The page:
For thirty years, Special Collections at Virginia Tech has collected the professional and personal papers of more than 400 women in architecture and design. This effort, known as the International Archives of Women in Architecture (IAWA), represents a joint partnership between the University Libraries and Virginia Techâ€™s College of Architecture and Urban Studies. The purpose of the IAWA is to provide access to documentary evidence of womenâ€™s contributions to the field of architecture through outreach, education, and collection building. This project will focus on the collections of fifty women who worked in architecture from 1912 through 2013, prioritizing collections of high interest to researchers that feature a wealth of original material in multiple formats. Selected collections include the personal and professional papers of Eleanore Pettersen, Sigrid Rupp, Zelma Wilson, Beverly Willis, Pamela Webb, Han Schroeder, Susana Torre, Jane Hall Johnson, and Elsa Leviseur, among others. The contribution of these and other women architects to the development of architectural theory and practice has been understudied and overlooked by scholars. In addition to supporting a deeper understanding of the development of architectural theory and practice around the world, these collections provide broad insights into the experiences of women as professionals in the twentieth and twenty-first centuries. Selections for digitization comprise architectural drawings, mixed media artwork, travel journals, personal and professional correspondence, project files, and photographs. The bulk of the materials are in English and German, with some items are in Bulgarian, Croatian, Dutch, French, Hebrew, Italian, Japanese, and Spanish. Project metadata will include limited English translation of core elements. The collections span approximately 1,200 cubic feet. This project proposes to produce approximately 50,000 digital objects for researchers and the general public to access and download.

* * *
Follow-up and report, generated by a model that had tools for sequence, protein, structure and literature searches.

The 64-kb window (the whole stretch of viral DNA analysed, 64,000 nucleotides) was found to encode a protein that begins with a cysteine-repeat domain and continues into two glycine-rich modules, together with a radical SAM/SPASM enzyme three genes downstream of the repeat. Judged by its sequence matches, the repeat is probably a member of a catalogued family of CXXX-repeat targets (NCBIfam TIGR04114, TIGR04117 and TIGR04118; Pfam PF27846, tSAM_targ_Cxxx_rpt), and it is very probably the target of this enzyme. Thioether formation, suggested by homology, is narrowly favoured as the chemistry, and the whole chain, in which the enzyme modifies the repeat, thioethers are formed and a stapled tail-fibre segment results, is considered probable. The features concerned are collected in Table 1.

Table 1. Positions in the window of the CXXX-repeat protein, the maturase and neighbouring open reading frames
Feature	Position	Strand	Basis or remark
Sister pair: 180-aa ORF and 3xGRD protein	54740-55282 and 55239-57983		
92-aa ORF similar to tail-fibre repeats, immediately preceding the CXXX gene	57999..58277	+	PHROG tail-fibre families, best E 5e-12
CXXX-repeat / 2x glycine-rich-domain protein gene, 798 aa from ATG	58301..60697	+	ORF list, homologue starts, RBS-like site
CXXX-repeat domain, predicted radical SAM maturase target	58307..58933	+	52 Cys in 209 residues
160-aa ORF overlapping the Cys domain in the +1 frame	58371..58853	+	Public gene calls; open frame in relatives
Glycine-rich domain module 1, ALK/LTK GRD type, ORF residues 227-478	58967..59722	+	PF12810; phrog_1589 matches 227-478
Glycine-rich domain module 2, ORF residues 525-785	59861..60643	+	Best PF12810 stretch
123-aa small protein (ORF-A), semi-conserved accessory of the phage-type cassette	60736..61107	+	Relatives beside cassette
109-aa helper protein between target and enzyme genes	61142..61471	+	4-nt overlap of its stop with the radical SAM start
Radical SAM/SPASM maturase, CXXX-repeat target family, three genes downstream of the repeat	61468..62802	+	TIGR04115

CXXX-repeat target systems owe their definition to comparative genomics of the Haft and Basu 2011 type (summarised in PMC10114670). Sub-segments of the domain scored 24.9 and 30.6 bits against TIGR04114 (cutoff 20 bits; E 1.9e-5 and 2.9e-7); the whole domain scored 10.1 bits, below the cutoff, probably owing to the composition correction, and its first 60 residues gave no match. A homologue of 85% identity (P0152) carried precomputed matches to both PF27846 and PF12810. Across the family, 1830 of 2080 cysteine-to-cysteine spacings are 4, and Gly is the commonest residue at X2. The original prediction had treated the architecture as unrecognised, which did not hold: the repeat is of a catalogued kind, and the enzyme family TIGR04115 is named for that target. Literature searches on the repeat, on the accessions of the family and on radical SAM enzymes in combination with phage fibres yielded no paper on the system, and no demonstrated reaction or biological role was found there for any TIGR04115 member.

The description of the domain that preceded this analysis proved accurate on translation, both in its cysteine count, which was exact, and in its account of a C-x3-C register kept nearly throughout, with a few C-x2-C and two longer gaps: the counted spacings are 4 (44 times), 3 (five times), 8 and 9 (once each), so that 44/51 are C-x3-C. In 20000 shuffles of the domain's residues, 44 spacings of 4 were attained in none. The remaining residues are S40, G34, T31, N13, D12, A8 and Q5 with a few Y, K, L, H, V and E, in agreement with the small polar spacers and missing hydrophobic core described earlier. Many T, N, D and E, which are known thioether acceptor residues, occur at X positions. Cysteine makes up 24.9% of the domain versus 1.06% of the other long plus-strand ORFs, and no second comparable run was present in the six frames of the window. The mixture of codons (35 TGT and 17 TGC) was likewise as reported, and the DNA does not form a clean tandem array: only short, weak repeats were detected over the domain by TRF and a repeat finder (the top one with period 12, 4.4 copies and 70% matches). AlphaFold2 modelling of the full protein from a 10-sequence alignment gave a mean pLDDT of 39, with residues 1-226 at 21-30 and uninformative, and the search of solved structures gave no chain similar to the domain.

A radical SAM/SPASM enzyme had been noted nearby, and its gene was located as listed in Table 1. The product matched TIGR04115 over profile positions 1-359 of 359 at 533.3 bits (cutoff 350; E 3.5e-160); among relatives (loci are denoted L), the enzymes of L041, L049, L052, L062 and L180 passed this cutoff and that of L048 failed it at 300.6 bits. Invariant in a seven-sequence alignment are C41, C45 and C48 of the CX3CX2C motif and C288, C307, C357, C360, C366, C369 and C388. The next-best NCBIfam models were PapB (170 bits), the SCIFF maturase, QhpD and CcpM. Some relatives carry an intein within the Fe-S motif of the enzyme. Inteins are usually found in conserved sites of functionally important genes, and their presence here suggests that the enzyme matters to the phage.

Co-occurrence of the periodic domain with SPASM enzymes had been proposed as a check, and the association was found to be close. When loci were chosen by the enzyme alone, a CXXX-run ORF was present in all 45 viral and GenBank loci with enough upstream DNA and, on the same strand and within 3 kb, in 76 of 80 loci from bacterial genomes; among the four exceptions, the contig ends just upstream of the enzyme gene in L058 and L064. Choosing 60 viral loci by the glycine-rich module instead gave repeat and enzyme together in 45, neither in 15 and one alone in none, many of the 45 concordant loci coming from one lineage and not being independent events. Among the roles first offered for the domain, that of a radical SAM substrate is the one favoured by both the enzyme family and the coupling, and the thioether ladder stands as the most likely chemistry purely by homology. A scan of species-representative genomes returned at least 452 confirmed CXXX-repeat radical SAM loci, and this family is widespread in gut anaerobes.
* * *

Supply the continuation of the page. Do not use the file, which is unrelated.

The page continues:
Dr. Aaron Purcell
1912 - 2013
These collections feature women who lived and worked in 17 countries across North America, South America, Europe, Asia, and Africa. The bulk of the materials represent women who worked in Europe and the United States, including a significant number of expatriates from former Communist countries.